Between the televisions were big posters, also highlighting the Amiga's strengths: "Better Graphics," "Better Music," "More Games, over 3000 titles," and "Amiga 1200, 16.8 million colours." Coming down the corridor from wherever I was going were lots of happy people, most of them holding big boxes marked "A1200" under their arms. I don't know why they were smiling so much.
When I got into the next room, I saw that it was another full-size convention hall, much like the other one. The difference here, of course, was the fact that this was the Amiga room. Companies like GVP and Digita had booths here, along with about 67 million different mail-order houses. Stacked floor to ceiling in most of the sales outfit booths were more of those funny boxes marked "A1200." Attached to them were signs with prices around £359-399. This was for a basic machine with 2Mb RAM and a single, 880K floppy. By contrast, I had just paid about £299 for my 1Mb, single-floppy A600, and about £40 for another 1Mb of RAM.
By the end of the day, the stacks and stacks of A1200 boxes were gone, all carried away by smiling British people. I learned that over 2000 machines had been sold the day before, and that they had to re-supply the show for the day I was there. Naturally, I was happy to see Commodore get something so amazingly right. Of course, their timing could still use a little help.
To console myself, I found my way to the Commodore booth in this room, knowing that I'd find an A4000 there. Squeezing my way in, I found an A4000 running a killer slide show under Scala MM200. This slide show looked for all the world like a Toaster-based presentation, with the high-quality pictures and the flashy transitions between screens. "NewTek who?" Waiting impatiently, I watched the Commodore gent load up a morphing animation, where Ronald McDonald turns into a Big Mac and back. Nice, of course, but an anticlimax to say the least. Still, from the little I saw, the AA chipset's display is practically photo-real, and once it's used properly 24-bit displays should be put to shame by real-time animations in HAM8.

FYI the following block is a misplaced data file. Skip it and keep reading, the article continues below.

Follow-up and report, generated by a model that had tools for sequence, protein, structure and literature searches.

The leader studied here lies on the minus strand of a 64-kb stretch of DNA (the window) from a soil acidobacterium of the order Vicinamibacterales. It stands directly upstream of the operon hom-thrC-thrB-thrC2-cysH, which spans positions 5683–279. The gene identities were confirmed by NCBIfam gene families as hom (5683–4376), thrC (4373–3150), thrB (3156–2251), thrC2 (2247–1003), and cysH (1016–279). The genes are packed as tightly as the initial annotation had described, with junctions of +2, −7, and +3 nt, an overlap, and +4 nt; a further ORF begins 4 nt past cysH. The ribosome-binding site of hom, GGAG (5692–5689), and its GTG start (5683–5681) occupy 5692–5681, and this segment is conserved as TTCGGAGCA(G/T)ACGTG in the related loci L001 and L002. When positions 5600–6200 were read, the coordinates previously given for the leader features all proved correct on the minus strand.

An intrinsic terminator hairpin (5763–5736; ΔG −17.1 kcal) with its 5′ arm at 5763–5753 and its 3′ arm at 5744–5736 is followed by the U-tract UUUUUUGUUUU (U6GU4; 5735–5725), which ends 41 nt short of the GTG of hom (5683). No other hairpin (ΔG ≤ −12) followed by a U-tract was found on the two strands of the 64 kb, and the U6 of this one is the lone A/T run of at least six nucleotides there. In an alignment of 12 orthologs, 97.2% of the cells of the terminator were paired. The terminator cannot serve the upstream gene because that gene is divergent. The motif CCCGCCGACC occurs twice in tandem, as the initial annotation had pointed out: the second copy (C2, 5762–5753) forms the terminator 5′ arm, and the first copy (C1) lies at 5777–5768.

The show's A4000 exhibition was really kind of a disappointment, since there were only two 4000s, both hooked to 1084 monitors and running only Scala, and both under close guard from the nasty general public by tweed-clothed Commodore reps.
|But there is definitely one lasting impression that these machines made on me: these are Amigas, only more so. Looking at the screen, the heritage is clear.|
The only other real wonder in the Commodore booth was hidden inside the A4000 which was continuously morphing Ronald to a burger and back. Thankfully, the Commodore rep stopped Scala long enough to demo SunRize's AD012 card with its Studio 16 software. The sound was nice, but it's odd listening to CD-quality sound from a computer; it's hard to be too impressed when I listen to CDs every day. What did impress me were the real-time effects produced by the Studio 16 software. Echo, flange, etc., all came out sounding convincingly studio-quality. Still, I had an odd urge to slap the Commodore rep over the head for grinning so smugly about a 12-bit sound card, when his A4000 should have had built-in 16-bit sound. Oh, well.
My impressions of the AA chipset are difficult to sort out, mainly because I wanted to see the non-interlaced VGA-style display modes that the feeble 1084s at the show couldn't reproduce.
But there is definitely one lasting impression that these machines made on me: these are Amigas, only more so. Looking at the screen, the heritage is clear. There's more color, more speed, and more detail, but that same fluid motion, those same bright highlights and subtle shades, and that same multiprocessing magic is undeniably Amiga. And now that I've seen the new machines, though we can all breathe a sigh of relief that they're finally here, I've got to say that it's sure been a long time coming.
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